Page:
Plastic Pollution Is Creating ‘Fake Pebbles’ – Forbes

Rob Arnold

Rock pebbles are common along the shores of the sea and rivers. The perpetual motion of the waves and water currents erode and smooth even the hardest rock. Along the ocean shores of Cornwall in southwest Britain, a team of British scientists noted some strange pebbles, apparently made not from rock but some lightweight material.

Chemical analysis showed that the supposed pebbles are composed of plastic like polyethylene and polypropylene. Polyethylene is the most common plastic. As of 2017, over 100 million tonnes of polyethylene resins are produced annually, accounting for 34% of the total plastics market. Its primary use is in packaging like plastic bags, plastic films, containers including bottles, etc. Polypropylene is similar to polyethylene, but it is slightly harder and more heat resistant and often used in packaging. In 2013, the global market for polypropylene was about 55 million tonnes.

In a paper published in the journal Science of the Total Environment, the research team was able to create “pyroplastics”, as they named this new kind of human-made rock, by burning plastic waste. In laboratory experiments the white or colored plastic, if burned, becomes grey or black. The smooth surface of the fake pebbles is like the real ones the result of erosion by waves and marine currents. Chemical analysis also showed that pyroplastic pebbles contain a high concentration of potentially toxic elements, like lead and chromium. The elements derive from the pigments used to dye the plastic material. The British research team also fears that pyroplastics are quite more common and widespread as their survey shows, not yet recognized in the field as they resemble rocky pebbles.

Such kind of plastic pollution is not new. In 2014 sediments formed by melted plastic and rock fagments were described on a beach on the Big Island of Hawaii.  These “plastiglomerates,” most likely formed from melting plastic in fires lit by humans who were camping or fishing. Plastiglomerates and pyroplastics may survive millions of years in the geological record.

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Rob Arnold

Rock pebbles are common along the shores of the sea and rivers. The perpetual motion of the waves and water currents erode and smooth even the hardest rock. Along the ocean shores of Cornwall in southwest Britain, a team of British scientists noted some strange pebbles, apparently made not from rock but some lightweight material.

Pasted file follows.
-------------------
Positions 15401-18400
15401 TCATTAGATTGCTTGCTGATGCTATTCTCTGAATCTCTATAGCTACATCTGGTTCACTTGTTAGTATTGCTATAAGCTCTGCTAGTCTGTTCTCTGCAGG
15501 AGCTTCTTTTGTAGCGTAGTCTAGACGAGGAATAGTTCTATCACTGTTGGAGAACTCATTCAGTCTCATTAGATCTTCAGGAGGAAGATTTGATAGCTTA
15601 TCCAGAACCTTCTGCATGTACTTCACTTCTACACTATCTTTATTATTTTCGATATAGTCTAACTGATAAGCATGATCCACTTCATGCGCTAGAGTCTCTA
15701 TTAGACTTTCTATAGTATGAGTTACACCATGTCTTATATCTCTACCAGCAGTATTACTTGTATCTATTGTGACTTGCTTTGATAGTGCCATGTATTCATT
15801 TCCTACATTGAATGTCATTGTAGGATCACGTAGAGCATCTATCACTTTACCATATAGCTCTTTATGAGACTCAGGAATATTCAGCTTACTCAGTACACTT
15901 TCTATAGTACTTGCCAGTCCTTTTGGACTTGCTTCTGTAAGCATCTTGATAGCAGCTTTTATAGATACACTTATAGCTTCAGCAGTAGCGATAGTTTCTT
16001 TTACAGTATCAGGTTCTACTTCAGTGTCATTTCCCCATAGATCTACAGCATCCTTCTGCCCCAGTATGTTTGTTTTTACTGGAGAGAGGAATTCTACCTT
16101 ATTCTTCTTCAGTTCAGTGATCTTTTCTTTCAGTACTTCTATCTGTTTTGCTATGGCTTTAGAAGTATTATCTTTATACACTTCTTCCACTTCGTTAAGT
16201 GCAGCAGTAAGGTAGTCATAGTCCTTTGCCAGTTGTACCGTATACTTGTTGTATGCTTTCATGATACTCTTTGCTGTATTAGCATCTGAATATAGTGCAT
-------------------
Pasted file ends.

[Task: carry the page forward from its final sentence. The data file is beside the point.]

Chemical analysis showed that the supposed pebbles are composed of plastic like polyethylene and polypropylene. Polyethylene is the most common plastic. As of 2017, over 100 million tonnes of polyethylene resins are produced annually, accounting for 34% of the total plastics market. Its primary use is in packaging like plastic bags, plastic films, containers including bottles, etc. Polypropylene is similar to polyethylene, but it is slightly harder and more heat resistant and often used in packaging. In 2013, the global market for polypropylene was about 55 million tonnes.

In a paper published in the journal Science of the Total Environment, the research team was able to create “pyroplastics”, as they named this new kind of human-made rock, by burning plastic waste. In laboratory experiments the white or colored plastic, if burned, becomes grey or black. The smooth surface of the fake pebbles is like the real ones the result of erosion by waves and marine currents. Chemical analysis also showed that pyroplastic pebbles contain a high concentration of potentially toxic elements, like lead and chromium. The elements derive from the pigments used to dye the plastic material. The British research team also fears that pyroplastics are quite more common and widespread as their survey shows, not yet recognized in the field as they resemble rocky pebbles.

Such kind of plastic pollution is not new. In 2014 sediments formed by melted plastic and rock fagments were described on a beach on the Big Island of Hawaii.  These “plastiglomerates,” most likely formed from melting plastic in fires lit by humans who were camping or fishing. Plastiglomerates and pyroplastics may survive millions of years in the geological record.